A new millennium for the movie musical

CRITICAL EYE

September 23, 2007|By Chris Kaltenbach | Chris Kaltenbach,Sun reporter

Not so long ago left for dead, the movie musical is showing renewed signs of life this year, even if filmmakers are still trying to figure out what form that life will take.

Hairspray, the film version of the Broadway play based on sleaze auteur John Waters' ode to integration and other weighty matters on Baltimore's early-'60s dance floors (whew!), was one of the summer's surprise hits. With a total box-office take so far of $116.4 million, it's the fourth-highest-grossing movie musical ever, behind only The Sound of Music, Grease and Chicago. And Hairspray is nothing if not traditional - a high-gloss, unrepentantly exuberant celebration of song and dance. Score one for the traditionalists.

But 2007 also saw the release of writer-director John Carney's Once, a decidedly nontraditional musical centering on two Dublin, Ireland, street performers warily circling each other's emotions. With songs recorded live, and with the sparse music frequently

no more than star Glen Hansard and his guitar, the delicately crafted romance has been one of the year's best-reviewed films - and with a return of $8.4 million on a budget reportedly under $200,000, its box-office performance didn't disappoint, either.

Then there's something completely different: Julie Taymor's Across the Universe, which uses 33 Beatles songs to tell the story of a young couple falling in love against a backdrop of '60s-era protests and pandemonium, is scheduled to open Friday in Baltimore.

Some early reviews have been withering - "You've never seen anything like Across the Universe," wrote Christopher Kelly in the Fort Worth Star-Telegram, "and not in a million years would you want to." But the film, complete with giant puppets, jarring psychedelia and re-imagined musical standards ("I Want to Hold Your Hand," sung as a wistful lesbian lament), opened strong its first week in limited release earlier this month, pulling in just under $30,000 a screen.

Put those three films together, and the result is great news for lovers of the motion-picture musical. A genre that was once thought to be too hidebound for more modern tastes turns out to be plenty elastic. At the same time, there seems to be plenty of life in the old ways yet, as the smiling faces walking out of every Hairspray screening prove.

"I knew people were either going to get wrapped up and let themselves go, or they were going to have that resistance thing," says Taymor, who brought Disney's animated The Lion King to Broadway in 1997. "You have to risk. Even in commercial worlds, you have to take a risk. In Lion King, did they take a risk when they hired me? I don't think so, but they might have thought so. It certainly paid off. We're in our 10th year, with 11 productions around the world."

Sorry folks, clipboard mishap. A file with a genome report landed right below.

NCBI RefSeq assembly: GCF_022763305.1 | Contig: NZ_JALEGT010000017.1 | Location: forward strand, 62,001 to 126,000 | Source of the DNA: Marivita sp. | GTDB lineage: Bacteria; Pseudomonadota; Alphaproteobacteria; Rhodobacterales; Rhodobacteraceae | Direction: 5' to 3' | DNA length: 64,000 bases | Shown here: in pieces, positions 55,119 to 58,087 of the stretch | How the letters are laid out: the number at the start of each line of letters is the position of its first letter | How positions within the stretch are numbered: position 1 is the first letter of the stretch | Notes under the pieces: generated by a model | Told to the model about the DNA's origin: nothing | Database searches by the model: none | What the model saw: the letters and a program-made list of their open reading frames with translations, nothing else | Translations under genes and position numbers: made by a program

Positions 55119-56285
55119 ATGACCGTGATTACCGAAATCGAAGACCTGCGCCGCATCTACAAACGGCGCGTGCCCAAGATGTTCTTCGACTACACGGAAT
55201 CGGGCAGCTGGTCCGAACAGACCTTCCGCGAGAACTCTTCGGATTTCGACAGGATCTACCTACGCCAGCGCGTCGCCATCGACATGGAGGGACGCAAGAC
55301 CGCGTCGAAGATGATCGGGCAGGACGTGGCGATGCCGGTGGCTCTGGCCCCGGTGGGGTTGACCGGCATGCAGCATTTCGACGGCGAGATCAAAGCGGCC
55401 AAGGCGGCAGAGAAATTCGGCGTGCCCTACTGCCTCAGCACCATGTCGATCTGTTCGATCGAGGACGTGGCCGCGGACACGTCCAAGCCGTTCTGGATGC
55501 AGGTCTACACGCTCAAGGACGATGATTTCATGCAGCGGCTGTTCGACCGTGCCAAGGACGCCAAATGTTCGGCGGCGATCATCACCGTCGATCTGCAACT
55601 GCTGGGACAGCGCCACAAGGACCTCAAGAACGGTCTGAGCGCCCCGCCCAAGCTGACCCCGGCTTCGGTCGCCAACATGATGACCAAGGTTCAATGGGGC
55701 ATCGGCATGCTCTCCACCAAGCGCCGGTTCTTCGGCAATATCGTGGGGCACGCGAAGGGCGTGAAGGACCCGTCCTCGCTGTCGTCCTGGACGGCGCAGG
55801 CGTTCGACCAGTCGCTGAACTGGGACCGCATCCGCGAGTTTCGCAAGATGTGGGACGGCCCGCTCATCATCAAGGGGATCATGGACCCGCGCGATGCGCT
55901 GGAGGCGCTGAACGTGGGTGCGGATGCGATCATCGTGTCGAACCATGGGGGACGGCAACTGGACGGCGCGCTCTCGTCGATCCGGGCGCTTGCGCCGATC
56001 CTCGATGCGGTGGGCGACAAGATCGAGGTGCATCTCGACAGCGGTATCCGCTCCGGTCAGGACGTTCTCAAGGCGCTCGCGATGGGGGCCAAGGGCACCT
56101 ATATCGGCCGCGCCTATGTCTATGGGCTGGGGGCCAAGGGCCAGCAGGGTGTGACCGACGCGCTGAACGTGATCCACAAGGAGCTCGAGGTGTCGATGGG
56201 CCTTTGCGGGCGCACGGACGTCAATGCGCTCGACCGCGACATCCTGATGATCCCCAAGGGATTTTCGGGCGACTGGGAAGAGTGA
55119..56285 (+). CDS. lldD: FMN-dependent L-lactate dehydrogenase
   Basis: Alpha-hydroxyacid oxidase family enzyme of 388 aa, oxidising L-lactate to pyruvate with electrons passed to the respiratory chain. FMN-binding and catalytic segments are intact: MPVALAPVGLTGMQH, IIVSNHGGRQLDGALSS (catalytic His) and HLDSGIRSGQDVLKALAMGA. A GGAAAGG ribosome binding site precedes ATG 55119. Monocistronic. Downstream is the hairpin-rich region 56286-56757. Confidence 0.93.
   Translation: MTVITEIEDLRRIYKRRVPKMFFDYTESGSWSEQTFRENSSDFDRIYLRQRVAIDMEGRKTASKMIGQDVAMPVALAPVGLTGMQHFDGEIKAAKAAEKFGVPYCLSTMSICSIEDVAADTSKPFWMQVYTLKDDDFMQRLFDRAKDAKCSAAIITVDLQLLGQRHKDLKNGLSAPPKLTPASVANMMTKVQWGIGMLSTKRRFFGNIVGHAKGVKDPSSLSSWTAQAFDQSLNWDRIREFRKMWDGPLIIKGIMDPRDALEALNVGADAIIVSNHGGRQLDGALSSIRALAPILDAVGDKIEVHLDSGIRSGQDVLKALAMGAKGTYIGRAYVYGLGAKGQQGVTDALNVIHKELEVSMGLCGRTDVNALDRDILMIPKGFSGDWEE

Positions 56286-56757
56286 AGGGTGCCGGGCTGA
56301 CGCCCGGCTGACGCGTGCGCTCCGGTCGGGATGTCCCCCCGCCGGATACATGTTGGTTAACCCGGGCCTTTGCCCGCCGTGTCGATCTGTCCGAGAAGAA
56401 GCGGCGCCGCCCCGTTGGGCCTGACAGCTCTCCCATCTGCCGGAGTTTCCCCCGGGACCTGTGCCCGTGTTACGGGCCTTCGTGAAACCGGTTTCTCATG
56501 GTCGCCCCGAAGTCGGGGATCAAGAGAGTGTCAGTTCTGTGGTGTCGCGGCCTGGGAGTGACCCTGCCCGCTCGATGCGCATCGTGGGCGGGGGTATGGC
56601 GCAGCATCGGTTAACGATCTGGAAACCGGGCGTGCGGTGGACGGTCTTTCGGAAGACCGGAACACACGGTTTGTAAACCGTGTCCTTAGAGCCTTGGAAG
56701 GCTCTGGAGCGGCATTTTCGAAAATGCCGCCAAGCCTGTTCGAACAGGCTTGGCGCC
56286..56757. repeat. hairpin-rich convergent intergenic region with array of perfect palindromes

The glory days

It wasn't so long ago that committing any musical to celluloid had become a risk hardly worth taking. True, the genre had a glorious and profitable history, harking back to the 1940s and 1950s, when Arthur Freed's production unit at MGM was churning out films such as Meet Me in St. Louis, On the Town and Singin' in the Rain. Two of his movies, 1951's An American in Paris and 1958's Gigi, even won Best Picture Oscars.

Musicals were everywhere; audiences couldn't get enough of them. Film versions of such Broadway productions as Rodgers and Hammerstein's The King and I, Lerner and Loewe's My Fair Lady, Jerome Robbins and Arthur Laurents' West Side Story all were massive popular and critical hits. Robert Wise's 1965 adaptation of Rodgers and Hammerstein's The Sound of Music was even the all-time box-office champion for seven years, until The Godfather came along.

When rock and roll, with its determination to play against convention, emerged as the dominant musical form in the 1960s, musicals were slow to adapt. By the early '70s, the genre seemed passe, even quaint. When filmmakers did try to shake things up - Ken Russell's Tommy (1975), Milos Forman's Hair (1979) - the result often seemed stilted, forced. Successes, like Randal Kleiser's Grease, which rode John Travolta's star power to gross more than $150 million in 1978, were more the exception than the rule. More typical were such films as John Huston's Annie (1982), Richard Attenborough's A Chorus Line (1985) and Alan Parker's Evita! (1996), films that caused nary a ripple either at the box office or in the collective cinematic psyche.

Out of the doldrums

Things started to change with such films as Baz Luhrmann's Moulin Rouge! (2001) and Rob Marshall's Chicago (2002), as directors who had been raised on musicals in the 1950s and early 1960s began putting their stamp on the genre, taking the musical and injecting it with considerable doses of MTV-style razzmatazz: quick cuts, lots of close-ups, outlandish lighting and surreal sets.

Hairspray, directed by Adam Shankman, applies some of the new-school energy to storytelling techniques that have been a staple of movie musicals since forever.

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